As I was reading Andrew’s book, Grace, the Power of the Gospel, it startled me to read this:
We’ve been corrupted through thinking things contrary to the Gospel. If we could just break free from a performance mentality to truly understand God’s grace, we would wind up living holier accidentally than we ever have on purpose (p. 110).
Even after being born again, I still chased after “being good.” It was years before I heard the message that grace was the power of the Gospel and that it would set me free from trying to live out my salvation through performance. An incident in my life really highlights that although I had received the Good News of the Gospel and had been radically saved, my moral upbringing also had to be surrendered to receive the grace for living the Gospel.
As I was dropping off my two-year-old at childcare, I heard myself say, “Be a good boy for Miss Sandy.” Then one night before bed, my son hugged me and said, “Mama, you’re a good boy!” I laughed, knowing that this was a compliment of love flowing out of his heart. But then I gasped as I realized, I’m training him to be a good boy, just like I had been trained to be a good girl. The performance mentality had seeped into my marriage and was springing up in me as a mother.
Ignorantly, I had gone from receiving the Gospel by faith to trying to live out my salvation by being “good.” Andrew describes it this way:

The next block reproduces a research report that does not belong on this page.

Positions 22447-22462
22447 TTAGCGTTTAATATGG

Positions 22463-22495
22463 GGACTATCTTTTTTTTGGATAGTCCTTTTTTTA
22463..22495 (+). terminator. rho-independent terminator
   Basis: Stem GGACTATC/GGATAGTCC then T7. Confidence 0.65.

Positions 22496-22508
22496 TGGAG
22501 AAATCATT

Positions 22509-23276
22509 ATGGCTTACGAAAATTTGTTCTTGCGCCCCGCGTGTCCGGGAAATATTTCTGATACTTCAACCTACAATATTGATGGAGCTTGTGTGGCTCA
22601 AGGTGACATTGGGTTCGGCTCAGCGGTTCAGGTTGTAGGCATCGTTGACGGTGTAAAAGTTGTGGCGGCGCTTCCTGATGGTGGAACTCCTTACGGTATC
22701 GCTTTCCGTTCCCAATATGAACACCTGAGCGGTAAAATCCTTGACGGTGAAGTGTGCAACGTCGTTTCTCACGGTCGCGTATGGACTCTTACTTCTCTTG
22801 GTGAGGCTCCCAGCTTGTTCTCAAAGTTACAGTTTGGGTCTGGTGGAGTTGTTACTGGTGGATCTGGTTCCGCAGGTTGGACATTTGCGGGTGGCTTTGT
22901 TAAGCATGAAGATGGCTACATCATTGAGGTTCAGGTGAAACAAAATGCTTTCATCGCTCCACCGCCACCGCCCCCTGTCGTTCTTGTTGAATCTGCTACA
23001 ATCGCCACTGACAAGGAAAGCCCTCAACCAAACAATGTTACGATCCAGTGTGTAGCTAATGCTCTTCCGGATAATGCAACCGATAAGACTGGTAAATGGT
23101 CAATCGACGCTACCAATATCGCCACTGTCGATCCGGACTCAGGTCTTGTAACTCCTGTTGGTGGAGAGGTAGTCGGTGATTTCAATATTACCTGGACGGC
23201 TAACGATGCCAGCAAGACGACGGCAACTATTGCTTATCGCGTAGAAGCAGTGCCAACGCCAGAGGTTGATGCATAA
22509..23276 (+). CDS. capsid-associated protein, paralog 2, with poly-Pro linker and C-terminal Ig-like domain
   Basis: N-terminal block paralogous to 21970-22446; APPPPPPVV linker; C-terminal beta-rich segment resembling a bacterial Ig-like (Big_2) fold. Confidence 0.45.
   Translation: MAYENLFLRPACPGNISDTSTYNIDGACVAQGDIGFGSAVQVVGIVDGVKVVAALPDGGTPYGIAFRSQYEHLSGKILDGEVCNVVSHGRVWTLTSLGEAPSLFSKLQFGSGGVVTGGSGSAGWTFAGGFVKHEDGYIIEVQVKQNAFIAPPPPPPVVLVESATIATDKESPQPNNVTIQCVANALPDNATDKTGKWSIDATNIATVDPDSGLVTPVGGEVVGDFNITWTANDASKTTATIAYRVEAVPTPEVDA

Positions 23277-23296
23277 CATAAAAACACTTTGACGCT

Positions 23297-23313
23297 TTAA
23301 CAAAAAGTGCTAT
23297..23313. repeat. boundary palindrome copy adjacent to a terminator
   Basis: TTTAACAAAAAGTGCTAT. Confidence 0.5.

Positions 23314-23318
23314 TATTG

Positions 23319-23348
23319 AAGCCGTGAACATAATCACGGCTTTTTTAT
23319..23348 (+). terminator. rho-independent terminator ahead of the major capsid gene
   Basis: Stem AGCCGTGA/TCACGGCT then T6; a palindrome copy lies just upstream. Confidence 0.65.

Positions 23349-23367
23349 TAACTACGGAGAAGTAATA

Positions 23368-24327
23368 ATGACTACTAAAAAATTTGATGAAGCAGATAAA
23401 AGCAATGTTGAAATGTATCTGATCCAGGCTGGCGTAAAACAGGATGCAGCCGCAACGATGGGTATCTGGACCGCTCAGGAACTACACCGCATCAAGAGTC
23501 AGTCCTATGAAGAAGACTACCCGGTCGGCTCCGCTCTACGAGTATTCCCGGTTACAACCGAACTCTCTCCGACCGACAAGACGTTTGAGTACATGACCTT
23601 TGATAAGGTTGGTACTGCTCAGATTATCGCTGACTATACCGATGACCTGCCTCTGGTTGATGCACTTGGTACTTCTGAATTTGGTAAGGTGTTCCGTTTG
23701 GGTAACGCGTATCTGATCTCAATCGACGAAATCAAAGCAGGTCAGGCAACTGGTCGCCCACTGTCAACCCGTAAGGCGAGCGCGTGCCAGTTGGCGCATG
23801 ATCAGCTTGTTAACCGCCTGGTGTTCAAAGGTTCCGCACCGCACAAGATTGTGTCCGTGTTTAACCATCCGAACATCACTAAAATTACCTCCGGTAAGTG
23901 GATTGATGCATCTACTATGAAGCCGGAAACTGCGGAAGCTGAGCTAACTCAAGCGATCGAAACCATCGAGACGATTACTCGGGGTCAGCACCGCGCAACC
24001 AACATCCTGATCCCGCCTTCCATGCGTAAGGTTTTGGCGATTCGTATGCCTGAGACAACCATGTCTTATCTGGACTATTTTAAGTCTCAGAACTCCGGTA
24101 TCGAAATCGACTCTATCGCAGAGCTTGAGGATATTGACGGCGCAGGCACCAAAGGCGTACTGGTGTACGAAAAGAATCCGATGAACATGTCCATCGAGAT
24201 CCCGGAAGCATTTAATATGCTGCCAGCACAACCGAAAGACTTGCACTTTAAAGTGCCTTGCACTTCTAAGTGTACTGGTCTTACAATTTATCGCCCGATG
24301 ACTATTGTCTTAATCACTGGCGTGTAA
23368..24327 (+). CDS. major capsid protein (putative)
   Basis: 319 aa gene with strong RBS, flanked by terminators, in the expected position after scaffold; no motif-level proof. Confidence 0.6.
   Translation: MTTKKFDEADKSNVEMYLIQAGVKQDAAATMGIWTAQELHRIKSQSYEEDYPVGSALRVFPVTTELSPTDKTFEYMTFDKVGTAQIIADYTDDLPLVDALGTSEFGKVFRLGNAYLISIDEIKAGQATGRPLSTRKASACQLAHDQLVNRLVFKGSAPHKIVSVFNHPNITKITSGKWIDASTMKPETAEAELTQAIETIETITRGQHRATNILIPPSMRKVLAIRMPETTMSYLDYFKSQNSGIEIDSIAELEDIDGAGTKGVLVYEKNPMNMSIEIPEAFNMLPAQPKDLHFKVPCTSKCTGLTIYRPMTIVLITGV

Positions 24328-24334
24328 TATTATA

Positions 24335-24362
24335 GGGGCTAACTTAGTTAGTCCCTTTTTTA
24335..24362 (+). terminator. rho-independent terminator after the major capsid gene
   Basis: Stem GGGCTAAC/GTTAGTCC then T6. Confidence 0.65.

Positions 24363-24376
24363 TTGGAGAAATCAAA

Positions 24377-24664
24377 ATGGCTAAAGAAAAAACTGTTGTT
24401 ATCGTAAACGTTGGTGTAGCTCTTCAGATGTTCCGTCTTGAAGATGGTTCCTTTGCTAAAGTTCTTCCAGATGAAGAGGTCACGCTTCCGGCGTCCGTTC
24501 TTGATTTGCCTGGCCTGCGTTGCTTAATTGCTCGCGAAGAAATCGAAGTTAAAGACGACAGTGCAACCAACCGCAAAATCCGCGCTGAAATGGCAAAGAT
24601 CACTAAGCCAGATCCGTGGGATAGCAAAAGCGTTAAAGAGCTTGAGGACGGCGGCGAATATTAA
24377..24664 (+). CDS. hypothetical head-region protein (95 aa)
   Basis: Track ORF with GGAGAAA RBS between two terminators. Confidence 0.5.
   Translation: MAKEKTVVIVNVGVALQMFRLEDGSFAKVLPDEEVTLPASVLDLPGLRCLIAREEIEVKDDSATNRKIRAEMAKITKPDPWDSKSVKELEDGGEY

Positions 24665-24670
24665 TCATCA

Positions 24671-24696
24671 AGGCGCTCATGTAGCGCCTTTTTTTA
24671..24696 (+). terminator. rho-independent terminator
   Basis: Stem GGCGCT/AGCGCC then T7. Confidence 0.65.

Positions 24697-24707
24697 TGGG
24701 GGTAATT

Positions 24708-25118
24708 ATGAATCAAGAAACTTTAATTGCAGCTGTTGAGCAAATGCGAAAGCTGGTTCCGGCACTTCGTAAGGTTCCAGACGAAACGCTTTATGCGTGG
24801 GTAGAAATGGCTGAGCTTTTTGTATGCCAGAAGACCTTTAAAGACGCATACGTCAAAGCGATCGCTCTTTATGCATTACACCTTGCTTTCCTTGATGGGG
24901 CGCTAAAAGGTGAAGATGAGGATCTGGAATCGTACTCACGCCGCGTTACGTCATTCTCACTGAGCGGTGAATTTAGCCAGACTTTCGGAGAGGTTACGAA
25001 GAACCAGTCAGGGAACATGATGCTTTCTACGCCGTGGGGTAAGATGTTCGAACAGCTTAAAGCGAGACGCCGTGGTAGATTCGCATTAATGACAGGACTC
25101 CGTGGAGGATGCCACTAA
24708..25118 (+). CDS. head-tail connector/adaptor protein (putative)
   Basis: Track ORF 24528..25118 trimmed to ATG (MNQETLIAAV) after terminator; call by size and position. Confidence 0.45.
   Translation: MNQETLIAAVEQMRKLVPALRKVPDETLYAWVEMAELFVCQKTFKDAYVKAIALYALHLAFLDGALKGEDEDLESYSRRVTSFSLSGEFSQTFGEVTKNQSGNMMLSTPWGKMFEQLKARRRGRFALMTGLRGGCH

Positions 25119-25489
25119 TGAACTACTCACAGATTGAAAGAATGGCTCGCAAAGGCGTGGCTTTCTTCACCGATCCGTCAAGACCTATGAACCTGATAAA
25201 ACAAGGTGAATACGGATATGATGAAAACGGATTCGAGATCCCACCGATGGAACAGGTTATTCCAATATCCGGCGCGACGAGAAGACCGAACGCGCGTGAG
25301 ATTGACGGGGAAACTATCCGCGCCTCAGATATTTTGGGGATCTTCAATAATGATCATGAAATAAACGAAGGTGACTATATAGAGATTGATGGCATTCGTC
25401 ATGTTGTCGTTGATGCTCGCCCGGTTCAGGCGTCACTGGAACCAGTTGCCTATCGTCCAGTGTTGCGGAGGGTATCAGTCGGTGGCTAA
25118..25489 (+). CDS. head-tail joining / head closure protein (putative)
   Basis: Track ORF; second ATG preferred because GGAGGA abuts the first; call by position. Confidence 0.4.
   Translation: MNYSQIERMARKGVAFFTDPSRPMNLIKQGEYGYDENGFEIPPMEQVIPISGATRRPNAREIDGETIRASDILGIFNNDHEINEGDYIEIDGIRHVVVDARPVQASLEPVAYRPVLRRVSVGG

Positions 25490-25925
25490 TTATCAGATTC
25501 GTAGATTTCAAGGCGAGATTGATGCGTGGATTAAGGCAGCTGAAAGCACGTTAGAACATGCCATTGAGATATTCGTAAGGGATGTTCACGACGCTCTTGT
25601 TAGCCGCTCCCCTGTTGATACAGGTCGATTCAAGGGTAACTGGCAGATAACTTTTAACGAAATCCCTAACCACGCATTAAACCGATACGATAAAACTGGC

When the Scripture says that the Gospel is the power of God unto salvation, it’s not just talking about how to be born again and have your sins forgiven. It also means that the Gospel—the grace of God—is the power of God…unto everything that comes to us as a result of being born again. It’s talking about your relationship with God (pp. 14-15).
This truth always confronts any religious thoughts still buried in us. Andrew says the Enemy is quite happy to have us as Christians receive “the event” of salvation but then “earn the things of God…to put our faith in what we’ve done instead of faith in Christ as our only means of receiving from God. This is his biggest weapon against us!” (pp. 15-16, emphasis mine).
Even if I train my son to love Jesus, unless I receive the power of grace to work in me as a mother, I will have trained him to be a “good boy” rather than to have a relationship with Jesus, which is another gospel! If you'd like to learn more about establishing the true Gospel of grace in your heart, check out Andrew's teaching called Grace, the Power of the Gospel. This teaching is available in many formats: CD, DVD, book, and by television broadcast. If this has ministered to you, please post a comment below.